My mother was quite the academic. She went to Queens College and was first in her class with a degree in biology. She met my father there. He comes from a family of Southerners, from South Carolina and Georgia, and they ended up in Queens because of racial discrimination. He often talks about the bus rides down south during the summer to visit. Once they passed the Mason-Dixon line, he would have to get up from the front of the bus and walk to the back, to the colored section. And I always admired how his father would never miss a day to vote, even when he had terminal cancer and had to be carried up the stairs in his wheelchair by my father and uncle.
After college, my mother decided to go into the military. She was in the Army for quite some time, and then she came back home, raised me and worked as a postal worker. She unfortunately died very young, at the age of 38.
I was young when my mother passed away. I don’t have all the details which still is haunting for me. The hospital she died in no longer exists, but I remember how cold it felt. I always think, what if she had gone to another hospital? Would the experience have been different with more resources? She was young, beautiful, smart, and just really taken too soon.
A lot of people have similar stories, right? So, it certainly does impact how I look at the doctor-patient relationship and how I look at community health in general. It really reinforces my mission to provide access to care and pay attention to areas of need, as part of my work at NewYork-Presbyterian and Weill Cornell Medicine.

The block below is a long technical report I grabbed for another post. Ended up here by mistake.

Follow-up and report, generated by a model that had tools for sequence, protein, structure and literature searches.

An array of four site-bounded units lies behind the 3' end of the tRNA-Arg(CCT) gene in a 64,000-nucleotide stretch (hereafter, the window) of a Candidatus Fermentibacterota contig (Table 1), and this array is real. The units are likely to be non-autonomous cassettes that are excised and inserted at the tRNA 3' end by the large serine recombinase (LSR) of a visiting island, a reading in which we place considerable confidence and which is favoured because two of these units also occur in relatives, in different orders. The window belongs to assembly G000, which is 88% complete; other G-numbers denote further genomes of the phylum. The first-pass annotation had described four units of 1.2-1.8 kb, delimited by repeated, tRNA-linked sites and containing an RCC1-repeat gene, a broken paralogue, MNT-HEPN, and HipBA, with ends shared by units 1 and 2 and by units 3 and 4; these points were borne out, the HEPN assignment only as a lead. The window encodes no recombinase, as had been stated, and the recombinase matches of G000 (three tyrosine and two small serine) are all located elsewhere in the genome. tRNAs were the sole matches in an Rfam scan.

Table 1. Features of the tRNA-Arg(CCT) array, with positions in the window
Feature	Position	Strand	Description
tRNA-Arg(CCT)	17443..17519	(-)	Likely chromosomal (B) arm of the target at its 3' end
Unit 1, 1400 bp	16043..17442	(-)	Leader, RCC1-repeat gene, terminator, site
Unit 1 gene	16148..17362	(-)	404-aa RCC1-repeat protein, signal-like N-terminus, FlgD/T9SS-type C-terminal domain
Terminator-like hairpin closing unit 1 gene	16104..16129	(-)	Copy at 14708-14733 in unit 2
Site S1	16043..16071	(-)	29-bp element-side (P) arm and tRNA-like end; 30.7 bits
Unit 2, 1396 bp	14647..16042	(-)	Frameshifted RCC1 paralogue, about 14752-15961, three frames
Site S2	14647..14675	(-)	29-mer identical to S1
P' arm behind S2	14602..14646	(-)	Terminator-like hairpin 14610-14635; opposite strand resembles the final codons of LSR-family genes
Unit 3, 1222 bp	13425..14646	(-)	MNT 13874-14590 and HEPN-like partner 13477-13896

I am proud to be an avenue where voices of the Black community can be heard. We have to be mindful of how unconscious racial biases can influence how Black people perceive health care. I think if we look at people in a humanistic way, we’ll be able to overcome some of those barriers. That’s why having a direct partnership with communities is so important. The programs I’m a part of here, specifically around doulas, community health workers, mobile health units, paying attention to the social determinants of health, mentoring young students of color — it all helps.
I often hear my grandmother’s voice when we talk about things like health equity, diversity and inclusion, local health, global health — it’s a collaborative effort. And that resonates, because my grandmother was very much out in the community. She preached, she sang, she taught, she did everything. She was determined to follow her own path. And I’m just so appreciative that she did that, that she broke the mold.
This Black History Month, I want to recognize how Black people have persisted and are thriving. It’s a time to be full of pride and recognize how people have moved forward. And what I really love to hear about are the everyday lives — that’s what we really need to celebrate. I’m raising a son, a little Black boy, and I want to teach him about his ancestors and share our family stories with him.
I remember the first time I delivered a baby. I was living with my father’s brother in Miami, Florida, where I did my residency. And my uncle, he was just so proud. He used to count how many deliveries I’d do, and even years later, he’d ask me, “So what’s your number now?” And I’d say, ‘Man, Uncle Earl, I stopped counting. And now I teach others how to do it.”
He passed away a few years ago, and now I think back about how wonderful it is that I had the opportunity to come full circle, to respect the legacy of so many who have come before me, and now be able to help thousands of people at the beginning of life.